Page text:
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European Supervolcano Erupts Every 10,000 Years, So How Long Until the Next One?

Could be any day now.

By Cassidy Ward

From Jurassic Park to Jurassic World, the human-dinosaur power dynamic never really changed. In each case, humans were at the mercy of powerful prehistoric creatures and obliged to do whatever it took to survive. But by the time we reach the fifth installment, Jurassic World: Fallen Kingdom (streaming now on Peacock), things have changed.

It’s a few years after the tragic events at Jurassic World and the remaining dinosaurs still living on the now-abandoned island are threatened by a looming volcanic eruption. The island of Isla Sorna is fictional but modeled after (and shot on location on) Nā Moku o Hawai‘i (the Hawaiian islands), a famously volcanic island chain. Setting up shop on an active volcano practically assures you’ll have to deal with an eruption sooner or later, but it turns out we might be under threat of volcanic eruption ourselves. And, like the dinosaurs, we had no idea.

Underwater Supervolcano Uncovered in the Mediterranean Sea

A few years back, scientists studying part of the Mediterranean Sea off the coast of Italy caught sight of something lurking underneath the seafloor. Unfortunately, the data at hand didn’t have the resolution to figure out what it was, so they had to return later with better tools. The results of that second excursion revealed a previously unknown series of supervolcano “megabeds” and were published in the journal Geology.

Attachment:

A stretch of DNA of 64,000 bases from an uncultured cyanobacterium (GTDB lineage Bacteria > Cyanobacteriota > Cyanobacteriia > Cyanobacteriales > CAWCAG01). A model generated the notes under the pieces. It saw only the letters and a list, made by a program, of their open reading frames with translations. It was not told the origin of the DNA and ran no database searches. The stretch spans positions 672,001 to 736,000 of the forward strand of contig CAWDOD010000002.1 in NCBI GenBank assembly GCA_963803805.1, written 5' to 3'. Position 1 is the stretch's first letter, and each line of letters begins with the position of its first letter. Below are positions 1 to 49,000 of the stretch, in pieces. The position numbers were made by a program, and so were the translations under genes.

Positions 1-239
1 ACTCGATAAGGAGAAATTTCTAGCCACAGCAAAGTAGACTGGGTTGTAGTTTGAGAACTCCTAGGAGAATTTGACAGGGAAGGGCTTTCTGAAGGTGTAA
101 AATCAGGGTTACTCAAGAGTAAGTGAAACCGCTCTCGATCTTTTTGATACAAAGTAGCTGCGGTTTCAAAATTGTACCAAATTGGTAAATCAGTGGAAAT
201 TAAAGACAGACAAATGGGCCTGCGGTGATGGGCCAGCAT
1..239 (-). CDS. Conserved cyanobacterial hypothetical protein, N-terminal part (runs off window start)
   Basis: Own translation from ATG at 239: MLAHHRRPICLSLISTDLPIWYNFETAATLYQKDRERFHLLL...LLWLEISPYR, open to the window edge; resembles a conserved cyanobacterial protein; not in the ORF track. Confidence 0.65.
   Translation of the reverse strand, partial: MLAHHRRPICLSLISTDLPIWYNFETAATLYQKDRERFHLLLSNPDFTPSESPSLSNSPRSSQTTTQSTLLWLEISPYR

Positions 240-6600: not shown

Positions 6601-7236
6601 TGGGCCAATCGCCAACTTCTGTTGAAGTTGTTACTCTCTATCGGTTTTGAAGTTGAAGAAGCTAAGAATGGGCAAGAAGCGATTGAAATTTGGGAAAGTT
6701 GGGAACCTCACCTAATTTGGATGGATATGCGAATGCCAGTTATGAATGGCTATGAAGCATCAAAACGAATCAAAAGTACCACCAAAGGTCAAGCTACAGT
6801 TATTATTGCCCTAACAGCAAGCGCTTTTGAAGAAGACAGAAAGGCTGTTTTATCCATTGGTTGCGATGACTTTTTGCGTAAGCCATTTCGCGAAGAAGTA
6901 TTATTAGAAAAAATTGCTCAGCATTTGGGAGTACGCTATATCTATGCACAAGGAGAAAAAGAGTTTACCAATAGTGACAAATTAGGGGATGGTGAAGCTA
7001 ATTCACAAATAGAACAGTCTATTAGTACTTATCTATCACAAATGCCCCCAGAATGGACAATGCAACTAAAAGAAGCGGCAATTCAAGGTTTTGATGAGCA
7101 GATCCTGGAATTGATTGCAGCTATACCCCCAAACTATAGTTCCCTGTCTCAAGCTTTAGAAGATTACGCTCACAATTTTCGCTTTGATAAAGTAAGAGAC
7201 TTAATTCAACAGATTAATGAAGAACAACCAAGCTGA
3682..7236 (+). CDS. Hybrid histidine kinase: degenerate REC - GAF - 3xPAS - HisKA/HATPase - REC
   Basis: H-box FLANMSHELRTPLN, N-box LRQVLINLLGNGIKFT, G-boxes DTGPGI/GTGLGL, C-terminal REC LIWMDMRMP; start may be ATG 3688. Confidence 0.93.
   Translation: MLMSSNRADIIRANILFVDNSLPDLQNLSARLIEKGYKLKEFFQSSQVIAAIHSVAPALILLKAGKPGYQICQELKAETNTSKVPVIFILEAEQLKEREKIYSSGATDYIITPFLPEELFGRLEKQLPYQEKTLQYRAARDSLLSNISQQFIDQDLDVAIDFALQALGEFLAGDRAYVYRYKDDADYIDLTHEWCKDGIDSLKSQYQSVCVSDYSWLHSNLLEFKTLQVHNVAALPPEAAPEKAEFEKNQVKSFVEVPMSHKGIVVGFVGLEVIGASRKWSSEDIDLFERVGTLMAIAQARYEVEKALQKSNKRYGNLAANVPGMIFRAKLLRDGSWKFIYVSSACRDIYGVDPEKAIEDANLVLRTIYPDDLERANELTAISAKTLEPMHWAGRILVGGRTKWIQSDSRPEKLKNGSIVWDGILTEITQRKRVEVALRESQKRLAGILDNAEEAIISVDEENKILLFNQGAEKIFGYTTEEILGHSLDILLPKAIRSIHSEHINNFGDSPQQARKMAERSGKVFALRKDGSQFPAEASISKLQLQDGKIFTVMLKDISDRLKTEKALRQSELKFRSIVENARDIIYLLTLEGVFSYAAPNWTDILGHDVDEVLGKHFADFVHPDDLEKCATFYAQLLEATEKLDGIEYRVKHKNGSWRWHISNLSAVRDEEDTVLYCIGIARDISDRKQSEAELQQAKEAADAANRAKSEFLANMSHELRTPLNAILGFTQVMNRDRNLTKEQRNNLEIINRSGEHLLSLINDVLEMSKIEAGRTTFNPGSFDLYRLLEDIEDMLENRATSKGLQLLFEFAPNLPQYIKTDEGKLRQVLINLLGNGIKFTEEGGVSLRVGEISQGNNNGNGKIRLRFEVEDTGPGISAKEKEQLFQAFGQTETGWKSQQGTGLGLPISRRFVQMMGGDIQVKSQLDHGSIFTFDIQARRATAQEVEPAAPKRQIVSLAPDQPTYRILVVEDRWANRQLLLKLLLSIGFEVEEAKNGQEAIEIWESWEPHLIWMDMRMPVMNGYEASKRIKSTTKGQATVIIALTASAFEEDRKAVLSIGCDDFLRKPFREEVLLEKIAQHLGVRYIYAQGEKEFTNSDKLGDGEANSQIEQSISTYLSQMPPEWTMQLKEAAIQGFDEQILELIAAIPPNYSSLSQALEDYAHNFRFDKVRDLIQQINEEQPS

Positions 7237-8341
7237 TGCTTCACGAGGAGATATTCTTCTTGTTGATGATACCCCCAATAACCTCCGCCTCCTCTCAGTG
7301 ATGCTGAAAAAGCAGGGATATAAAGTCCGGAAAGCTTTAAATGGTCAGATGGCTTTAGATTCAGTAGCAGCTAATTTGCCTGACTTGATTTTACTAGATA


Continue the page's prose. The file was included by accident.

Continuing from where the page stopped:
RELATED: Up to a Million Skate Eggs Found at Volcanic Underwater Nursery

Using a combination of geophysical data from the CHIANTI project, core samples of the area, and acoustic mapping, researchers found four massive volcanic sheets deposited at the bottom of the Mediterranean over the last 40,000 years. The oldest volcanic megabed was laid down 40,000 years ago, the next 32,000 years ago, the third 18,000 years ago, and the most recent just 8,000 years ago. Each of the beds are between 10 and 25 meters (33 and 82 feet) thick and punctuated by layers of other sediment.

Aerial view of volcano against sky at night in Grindavik,Iceland

Based on the current dates, supervolcano eruptions occur in the area every 8,000 to 14,000 years, with a 10,000 year average. With the most recent eruption happening 8,000 years ago, that puts us right at the beginning of the next eruption range. However, the date ranges aren’t as well understood or as constrained as researchers would like. Additional research is needed to better understand the underlying mechanisms and the cycle at play, before we can make any reliable predictions about future risk.

The odds that this Mediterranean supervolcano will pop off right after we found out about it are pretty slim, at least on human timescales. It’s unlikely that it will blow its top tomorrow or even in your lifetime, but on geological timescales we might be in the danger zone. If it does go off, hopefully we’ve got Claire Dearing and Owen Grady on the case.

In the meantime, snag a first viewing or a rewatch of Jurassic World: Fallen Kingdom, streaming now on Peacock.

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